If you haven't heard, it traded at more than $1,800 an ounce last week, up nearly $600, or 50 percent, since last August. If you have heard, you're probably kicking yourself for not having bought it a year ago.
In addition, gold seems particularly well suited to a time when the dollar is skidding against other currencies and many economists think much steeper inflation is inevitable. The thinking goes that the yellow metal has a unique ability to maintain its "store of value" if the nation's currency loses its purchasing power and prices head up.
The Federal Reserve argues that with unemployment holding over 9 percent and many factories operating at less than full capacity, there is plenty of time and room for the U.S. economy to expand before there's a long-term danger of inflation. On the strength of that conviction, the Fed announced on Tuesday that it would keep short-term interest rates near zero for at least another two years.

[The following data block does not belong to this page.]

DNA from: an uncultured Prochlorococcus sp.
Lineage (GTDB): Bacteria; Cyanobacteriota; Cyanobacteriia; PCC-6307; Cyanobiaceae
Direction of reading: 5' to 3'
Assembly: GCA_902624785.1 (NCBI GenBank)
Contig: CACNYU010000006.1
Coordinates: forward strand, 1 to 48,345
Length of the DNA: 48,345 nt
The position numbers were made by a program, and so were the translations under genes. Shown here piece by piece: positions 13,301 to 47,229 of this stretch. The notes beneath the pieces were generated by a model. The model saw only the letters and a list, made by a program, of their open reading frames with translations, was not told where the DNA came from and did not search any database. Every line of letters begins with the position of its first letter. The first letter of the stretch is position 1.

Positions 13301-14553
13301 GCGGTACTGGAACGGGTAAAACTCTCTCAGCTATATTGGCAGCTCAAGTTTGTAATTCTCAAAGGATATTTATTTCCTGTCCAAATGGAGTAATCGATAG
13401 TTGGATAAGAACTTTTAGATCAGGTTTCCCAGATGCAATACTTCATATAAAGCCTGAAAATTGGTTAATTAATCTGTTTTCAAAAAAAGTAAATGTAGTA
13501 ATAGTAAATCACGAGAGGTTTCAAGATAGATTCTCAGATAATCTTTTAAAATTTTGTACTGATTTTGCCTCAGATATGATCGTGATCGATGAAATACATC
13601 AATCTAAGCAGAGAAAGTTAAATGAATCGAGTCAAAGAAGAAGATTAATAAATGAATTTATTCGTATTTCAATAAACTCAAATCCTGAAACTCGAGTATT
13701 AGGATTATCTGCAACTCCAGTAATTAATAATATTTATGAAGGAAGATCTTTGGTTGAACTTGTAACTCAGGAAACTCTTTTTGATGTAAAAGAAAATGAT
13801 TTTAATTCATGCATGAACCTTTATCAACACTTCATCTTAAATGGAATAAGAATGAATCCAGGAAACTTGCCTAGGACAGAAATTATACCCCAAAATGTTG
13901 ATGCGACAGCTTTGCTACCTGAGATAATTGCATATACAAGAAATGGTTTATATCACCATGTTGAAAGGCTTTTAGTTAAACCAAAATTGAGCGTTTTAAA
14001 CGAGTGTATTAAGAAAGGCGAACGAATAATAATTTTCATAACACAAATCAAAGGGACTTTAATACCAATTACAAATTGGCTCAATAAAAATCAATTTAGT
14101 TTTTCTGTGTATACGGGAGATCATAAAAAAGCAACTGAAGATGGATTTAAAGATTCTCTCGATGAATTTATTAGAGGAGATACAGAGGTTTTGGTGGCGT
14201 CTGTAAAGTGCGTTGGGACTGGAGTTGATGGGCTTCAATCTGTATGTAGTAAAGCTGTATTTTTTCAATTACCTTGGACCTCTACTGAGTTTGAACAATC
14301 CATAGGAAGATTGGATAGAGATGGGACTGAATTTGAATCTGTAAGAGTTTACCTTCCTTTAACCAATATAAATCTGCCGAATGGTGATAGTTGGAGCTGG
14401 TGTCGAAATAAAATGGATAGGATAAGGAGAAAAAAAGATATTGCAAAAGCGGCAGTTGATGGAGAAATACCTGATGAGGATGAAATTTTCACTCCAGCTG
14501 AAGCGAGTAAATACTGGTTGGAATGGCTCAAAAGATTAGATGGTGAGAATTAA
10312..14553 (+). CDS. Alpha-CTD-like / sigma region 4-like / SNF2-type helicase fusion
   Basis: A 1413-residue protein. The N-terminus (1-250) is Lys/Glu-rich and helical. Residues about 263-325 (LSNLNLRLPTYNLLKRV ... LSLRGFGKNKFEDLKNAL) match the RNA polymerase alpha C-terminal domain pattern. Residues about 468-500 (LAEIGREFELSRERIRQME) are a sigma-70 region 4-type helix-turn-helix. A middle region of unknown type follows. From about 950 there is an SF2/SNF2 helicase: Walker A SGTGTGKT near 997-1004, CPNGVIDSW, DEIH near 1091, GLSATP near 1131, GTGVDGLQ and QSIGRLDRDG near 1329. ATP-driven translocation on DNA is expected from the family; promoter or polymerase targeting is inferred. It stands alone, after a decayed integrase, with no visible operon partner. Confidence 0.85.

But that only reinforced many investors' conviction that the dollar could only go lower. (If you're going to get zero percent interest for the next two years for buying dollar-denominated debt, why buy it?)
Peter Schiff, CEO of EuroPacific Capital and a longtime gold bull, is one of those investors. "Until interest rates are allowed to rise to appropriate levels," he wrote in his blog on Friday, "The dollar will keep falling, consumer prices will keep rising, and the government will keep blaming our problems on external factors beyond its control."
In addition, the prestige of the dollar's guarantor, Uncle Sam, took a deeply symbolic beating when Standard & Poor's downgraded the U.S. credit rating from AAA to AA+ last Friday. And jitters over the debt crisis in Europe only reinforced the sense that the euro, too, is under siege.